Christian Responses to the
Spanish Flu Pandemic
Christian Responses to the Spanish Flu Pandemic
(with acknowledgement to Richard Collier, The Plague of the Spanish Lady: The Influenza Epidemic of 1918-1919. London: Macmillan, 1974)
by The Revd Prof Rowan Strong DD FRHistS | Professor of Church History, Academic Chair Theology and Religion | Murdoch University
The Bubonic Plague of the fourteenth century killed one-third of all Christian Europe in just three years. Most people simply fled from one another, including most clergy, though there were exceptions. In France one community of nuns kept ministering to the sick in their city hospital. And when nuns died others replaced them, until almost all the nuns died looking after others.
In the present pandemic such selfless behaviour is forbidden by governments, but in the fourteenth century the state simply did not have the modern level of social control. Consequently, most of our Christian past is of little help to us in understanding Christian ministry during a pandemic because, unlike those centuries, the Church now is subject to the control of the state, and during a public health crisis is severely restricted in its ministry to the sick and dying. This level of social control by the state began to be exercised during the Spanish Flu pandemic.
In 1917 a virulent fever began to be reported in various parts of the world. Similar episodes of influenza had been reported throughout history. However, compared with other diseases such as smallpox, bubonic plague, cholera, or typhus, influenza was not as deadly a killer.
That all changed from 1918 when soldiers fighting in World War One contracted it from the horrible conditions of trench warfare - men in mud-filled trenches alongside the rotting corpses of friend and foe. This influenza spread round the world with terrifying swiftness. By the time one Cape Town tram had gone three-quarters of its three-mile journey, it had stopped five times to deposit the bodies of passengers until eventually its driver also died. An infected ship allowed to berth in Auckland led to 6680 deaths in New Zealand. Eventually 21 million people died worldwide, with perhaps fifty times that number affected. In Australia there were 13,220 deaths; but in India a ghastly 12.5 million people died.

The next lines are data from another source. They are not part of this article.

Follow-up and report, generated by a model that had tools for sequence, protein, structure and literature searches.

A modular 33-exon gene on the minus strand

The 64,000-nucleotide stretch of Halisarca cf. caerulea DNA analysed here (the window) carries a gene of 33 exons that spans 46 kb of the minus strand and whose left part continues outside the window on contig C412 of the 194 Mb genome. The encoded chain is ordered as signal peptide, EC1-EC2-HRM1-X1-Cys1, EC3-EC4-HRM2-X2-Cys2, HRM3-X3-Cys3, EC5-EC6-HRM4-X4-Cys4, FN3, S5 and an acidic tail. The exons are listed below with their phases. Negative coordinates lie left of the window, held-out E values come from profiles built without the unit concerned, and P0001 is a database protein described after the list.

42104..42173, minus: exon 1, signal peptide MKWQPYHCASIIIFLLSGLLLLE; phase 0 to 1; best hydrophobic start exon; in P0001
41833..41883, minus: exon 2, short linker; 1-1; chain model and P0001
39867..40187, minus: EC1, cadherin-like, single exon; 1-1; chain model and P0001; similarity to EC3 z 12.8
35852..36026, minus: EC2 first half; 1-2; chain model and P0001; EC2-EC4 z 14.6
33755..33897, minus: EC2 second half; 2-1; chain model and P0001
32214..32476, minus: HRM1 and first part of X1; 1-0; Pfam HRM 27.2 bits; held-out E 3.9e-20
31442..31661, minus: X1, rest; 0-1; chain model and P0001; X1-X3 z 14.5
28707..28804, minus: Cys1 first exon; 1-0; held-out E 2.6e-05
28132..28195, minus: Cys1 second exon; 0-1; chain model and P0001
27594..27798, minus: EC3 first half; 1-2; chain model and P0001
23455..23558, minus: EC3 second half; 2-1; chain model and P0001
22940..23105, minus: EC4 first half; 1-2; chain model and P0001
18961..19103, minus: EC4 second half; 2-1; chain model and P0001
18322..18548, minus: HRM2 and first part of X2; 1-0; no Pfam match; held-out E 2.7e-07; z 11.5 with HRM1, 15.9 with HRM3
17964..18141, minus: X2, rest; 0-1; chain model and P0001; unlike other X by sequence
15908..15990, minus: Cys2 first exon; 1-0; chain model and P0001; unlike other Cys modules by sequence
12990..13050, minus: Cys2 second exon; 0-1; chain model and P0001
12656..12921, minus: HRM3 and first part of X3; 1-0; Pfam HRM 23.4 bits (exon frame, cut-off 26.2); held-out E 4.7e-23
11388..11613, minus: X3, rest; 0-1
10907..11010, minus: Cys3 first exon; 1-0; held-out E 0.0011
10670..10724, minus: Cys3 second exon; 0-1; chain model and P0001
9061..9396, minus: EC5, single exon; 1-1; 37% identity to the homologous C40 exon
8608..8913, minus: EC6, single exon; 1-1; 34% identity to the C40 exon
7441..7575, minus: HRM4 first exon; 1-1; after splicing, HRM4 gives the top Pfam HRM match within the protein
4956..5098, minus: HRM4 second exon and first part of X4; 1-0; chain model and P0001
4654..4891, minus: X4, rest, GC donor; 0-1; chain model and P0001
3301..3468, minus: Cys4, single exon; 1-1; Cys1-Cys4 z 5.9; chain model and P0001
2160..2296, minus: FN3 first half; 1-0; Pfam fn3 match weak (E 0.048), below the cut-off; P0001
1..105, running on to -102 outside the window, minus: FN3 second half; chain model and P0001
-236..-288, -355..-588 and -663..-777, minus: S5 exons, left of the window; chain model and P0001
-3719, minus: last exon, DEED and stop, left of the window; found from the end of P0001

Governments began to implement public health measures, closing places where people congregated, even public phone booths. Medicated masks became normal. Quarantine stations were hastily built or extended. Governments took control of public life.
Clearly, in some cases faith gave individuals courage to face the possibility of death. One woman arrived at a Chicago volunteering station to offer her untrained help to the sick. She was dressed entirely in gold clothing. She told the astonished staff that this was her resurrection outfit. If helping the sick meant her death, she was dressed and ready to go into the glorious new life!
But religious responses to the epidemic could also be part of the problem. Samoan ministers taking up a collection spread the flu from one island to another. So in many cities churches closed, or limited congregations to small numbers. The communion cup was commonly dispensed with. Funerals were held at night so as not to alarm people.
Clashes occurred between modern quarantine methods and age-old religious responses to sickness and death. One such argument was outside the gates of Sydney’s North Head Quarantine Station when the Roman Catholic Archbishop of Sydney demanded entrance to minister to the dying. The government had refused entry. So Kelly orchestrated this confrontation at the station gates with the press in attendance. Within twenty-four hours Kelly’s stance had been supported by the press and the government announced he would be admitted.
By the end of 1918 people in various countries were expressing the need to come together for worship. In Montreal, Canada, the Catholic archbishop and his priests took the Blessed Sacrament to every Catholic home in the city.
The same determination to provide pastoral ministry can be seen when the Spanish Flu came to Perth when returning Australian soldiers arrived off Fremantle in a troopship in November 1918. The Anglican military chaplain who had come with the troops immediately went into quarantine with the worst cases at Woodman Point, while most of the troops remained in quarantine in the ship. A Roman Catholic priest, appointed by his archbishop as chaplain to the quarantine station, voluntarily went into quarantine there. Both priests contracted the disease, but did not succumb to it. It is unlikely such selfless Christian ministry would be permitted by state authorities today.
Published in the May Messenger 2020